SRI won’t lose you a third of your retirement fund – think again 10X
24 February 2014
A recent blog by 10X Investments, which was subsequently carried by Biznews.com, attracted attention with its claim that socially responsible investing is not necessarily in the best interests of investors. A subsequent interview on CNBC Africa Power Lunch appeared on Biznews.com under the rather more headline-grabbing title: “Want to lose a third of your retirement fund? It’s easy – sign up for Socially Responsible Investing” This claim was largely based on the argument that the FTSE/JSE All Share Index has outperformed the JSE SRI Index by 1.6% pa over the past 10 years, which under 10X’s hypothetical scenario would result in a 26% reduction in savings over a 40-year period. Furthermore, 10X argues that SRI assessment is subjective and is applied selectively.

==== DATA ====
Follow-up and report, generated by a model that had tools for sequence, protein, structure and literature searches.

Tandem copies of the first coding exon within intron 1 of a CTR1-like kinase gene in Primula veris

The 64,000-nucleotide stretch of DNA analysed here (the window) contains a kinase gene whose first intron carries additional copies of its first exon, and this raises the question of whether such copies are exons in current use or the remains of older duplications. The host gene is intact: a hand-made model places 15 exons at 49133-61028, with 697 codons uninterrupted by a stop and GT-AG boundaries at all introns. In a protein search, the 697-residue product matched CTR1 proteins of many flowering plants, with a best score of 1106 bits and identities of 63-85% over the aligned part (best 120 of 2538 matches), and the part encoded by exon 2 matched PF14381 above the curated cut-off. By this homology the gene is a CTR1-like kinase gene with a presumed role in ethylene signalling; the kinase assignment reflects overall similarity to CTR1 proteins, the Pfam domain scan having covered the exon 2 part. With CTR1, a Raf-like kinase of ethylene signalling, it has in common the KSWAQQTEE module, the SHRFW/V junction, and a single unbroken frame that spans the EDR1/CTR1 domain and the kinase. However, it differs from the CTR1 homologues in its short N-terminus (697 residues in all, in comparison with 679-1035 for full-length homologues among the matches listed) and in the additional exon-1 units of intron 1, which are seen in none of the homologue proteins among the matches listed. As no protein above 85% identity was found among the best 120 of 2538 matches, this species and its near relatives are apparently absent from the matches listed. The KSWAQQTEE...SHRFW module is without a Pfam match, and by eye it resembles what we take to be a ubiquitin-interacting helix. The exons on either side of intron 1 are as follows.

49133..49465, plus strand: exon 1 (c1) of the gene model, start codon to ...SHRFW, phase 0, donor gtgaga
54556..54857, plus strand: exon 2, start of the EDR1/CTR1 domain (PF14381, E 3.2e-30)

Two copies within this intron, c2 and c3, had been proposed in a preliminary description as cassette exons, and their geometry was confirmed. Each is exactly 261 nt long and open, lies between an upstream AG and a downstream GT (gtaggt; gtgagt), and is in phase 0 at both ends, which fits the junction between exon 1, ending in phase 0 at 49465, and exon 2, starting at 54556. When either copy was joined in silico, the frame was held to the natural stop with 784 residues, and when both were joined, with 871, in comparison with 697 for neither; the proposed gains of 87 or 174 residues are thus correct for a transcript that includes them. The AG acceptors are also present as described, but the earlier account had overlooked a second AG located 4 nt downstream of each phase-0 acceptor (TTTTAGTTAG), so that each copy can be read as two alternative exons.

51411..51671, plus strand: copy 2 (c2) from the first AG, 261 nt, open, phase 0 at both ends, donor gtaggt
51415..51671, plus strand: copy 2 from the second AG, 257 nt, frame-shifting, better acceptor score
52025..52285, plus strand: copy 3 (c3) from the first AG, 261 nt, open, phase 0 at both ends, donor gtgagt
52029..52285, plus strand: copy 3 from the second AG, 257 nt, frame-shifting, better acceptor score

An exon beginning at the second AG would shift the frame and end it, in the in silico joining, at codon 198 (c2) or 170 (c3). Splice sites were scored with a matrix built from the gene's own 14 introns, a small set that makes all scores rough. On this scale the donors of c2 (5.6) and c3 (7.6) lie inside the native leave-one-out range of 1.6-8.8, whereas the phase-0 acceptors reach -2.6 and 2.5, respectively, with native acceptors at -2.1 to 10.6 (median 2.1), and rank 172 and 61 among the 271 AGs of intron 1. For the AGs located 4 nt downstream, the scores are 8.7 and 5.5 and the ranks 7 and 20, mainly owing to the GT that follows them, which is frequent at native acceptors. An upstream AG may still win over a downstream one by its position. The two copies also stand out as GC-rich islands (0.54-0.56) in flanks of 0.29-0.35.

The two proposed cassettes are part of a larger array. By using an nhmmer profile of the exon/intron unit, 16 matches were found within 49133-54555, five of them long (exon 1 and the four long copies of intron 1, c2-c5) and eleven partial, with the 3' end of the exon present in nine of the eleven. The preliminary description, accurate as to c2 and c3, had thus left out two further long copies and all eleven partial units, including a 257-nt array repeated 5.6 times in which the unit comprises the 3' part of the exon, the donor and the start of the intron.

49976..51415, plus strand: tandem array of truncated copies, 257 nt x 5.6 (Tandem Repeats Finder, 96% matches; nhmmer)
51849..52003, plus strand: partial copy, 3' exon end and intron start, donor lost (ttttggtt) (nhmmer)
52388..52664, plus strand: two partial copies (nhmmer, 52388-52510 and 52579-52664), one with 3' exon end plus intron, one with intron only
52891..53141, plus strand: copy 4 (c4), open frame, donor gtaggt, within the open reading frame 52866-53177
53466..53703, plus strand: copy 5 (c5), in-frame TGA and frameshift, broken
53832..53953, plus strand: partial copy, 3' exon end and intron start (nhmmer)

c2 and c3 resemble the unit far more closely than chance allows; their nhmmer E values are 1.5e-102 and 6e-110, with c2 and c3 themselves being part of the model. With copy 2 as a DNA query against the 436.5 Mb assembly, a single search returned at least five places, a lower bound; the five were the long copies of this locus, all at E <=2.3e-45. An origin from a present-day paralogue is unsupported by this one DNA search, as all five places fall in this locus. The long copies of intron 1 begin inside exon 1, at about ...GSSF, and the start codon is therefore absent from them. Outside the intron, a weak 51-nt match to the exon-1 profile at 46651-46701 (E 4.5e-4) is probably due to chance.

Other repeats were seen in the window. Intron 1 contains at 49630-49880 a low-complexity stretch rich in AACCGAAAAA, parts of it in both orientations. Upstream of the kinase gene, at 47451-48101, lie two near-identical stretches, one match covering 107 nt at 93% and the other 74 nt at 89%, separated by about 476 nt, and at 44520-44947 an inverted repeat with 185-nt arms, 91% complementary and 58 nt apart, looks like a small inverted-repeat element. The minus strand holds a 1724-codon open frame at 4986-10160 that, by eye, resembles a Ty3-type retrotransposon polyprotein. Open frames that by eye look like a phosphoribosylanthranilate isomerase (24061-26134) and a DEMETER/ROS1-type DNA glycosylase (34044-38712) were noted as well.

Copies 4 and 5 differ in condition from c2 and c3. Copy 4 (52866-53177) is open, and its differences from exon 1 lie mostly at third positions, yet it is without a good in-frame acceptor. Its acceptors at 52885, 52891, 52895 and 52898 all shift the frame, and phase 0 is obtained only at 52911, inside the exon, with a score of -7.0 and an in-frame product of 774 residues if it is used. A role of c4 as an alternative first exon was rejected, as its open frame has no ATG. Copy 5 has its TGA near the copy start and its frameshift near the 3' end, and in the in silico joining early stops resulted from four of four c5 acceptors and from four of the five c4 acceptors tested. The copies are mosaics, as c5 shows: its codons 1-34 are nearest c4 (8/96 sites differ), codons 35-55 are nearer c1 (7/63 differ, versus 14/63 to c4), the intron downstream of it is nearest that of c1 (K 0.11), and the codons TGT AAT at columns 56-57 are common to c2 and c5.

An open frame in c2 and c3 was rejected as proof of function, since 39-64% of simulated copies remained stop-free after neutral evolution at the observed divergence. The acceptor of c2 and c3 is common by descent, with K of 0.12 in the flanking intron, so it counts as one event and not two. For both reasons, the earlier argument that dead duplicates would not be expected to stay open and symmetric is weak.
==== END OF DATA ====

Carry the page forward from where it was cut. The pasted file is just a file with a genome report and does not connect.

However, 10X’s argument is based on a mischaracterisation of sustainable and responsible investing. It sets up various straw men and ignores recent evidence that contradicts it argument. The reality is not as clear cut as is presented, and some of the underlying reasoning appears to be clouded by 10X’s vested interest in the debate between active and passive investment management.
Sustainable investing not just “negative screening”
10X characterises the “current application of SRI” as being “based on screening companies, and excluding ‘non-compliant’ businesses from the investable universe.” While some so-called ethical funds still employ this strategy, this assertion fails to recognise the shift that the sustainable investment community has made in recent years towards a best-in-class approach and the integration of environmental, social and governance factors into investment decisions. These represent a very different approach to the negative screening that 10X presents as being reflective of SRI.
High ESG ratings correlated to market-based outperformance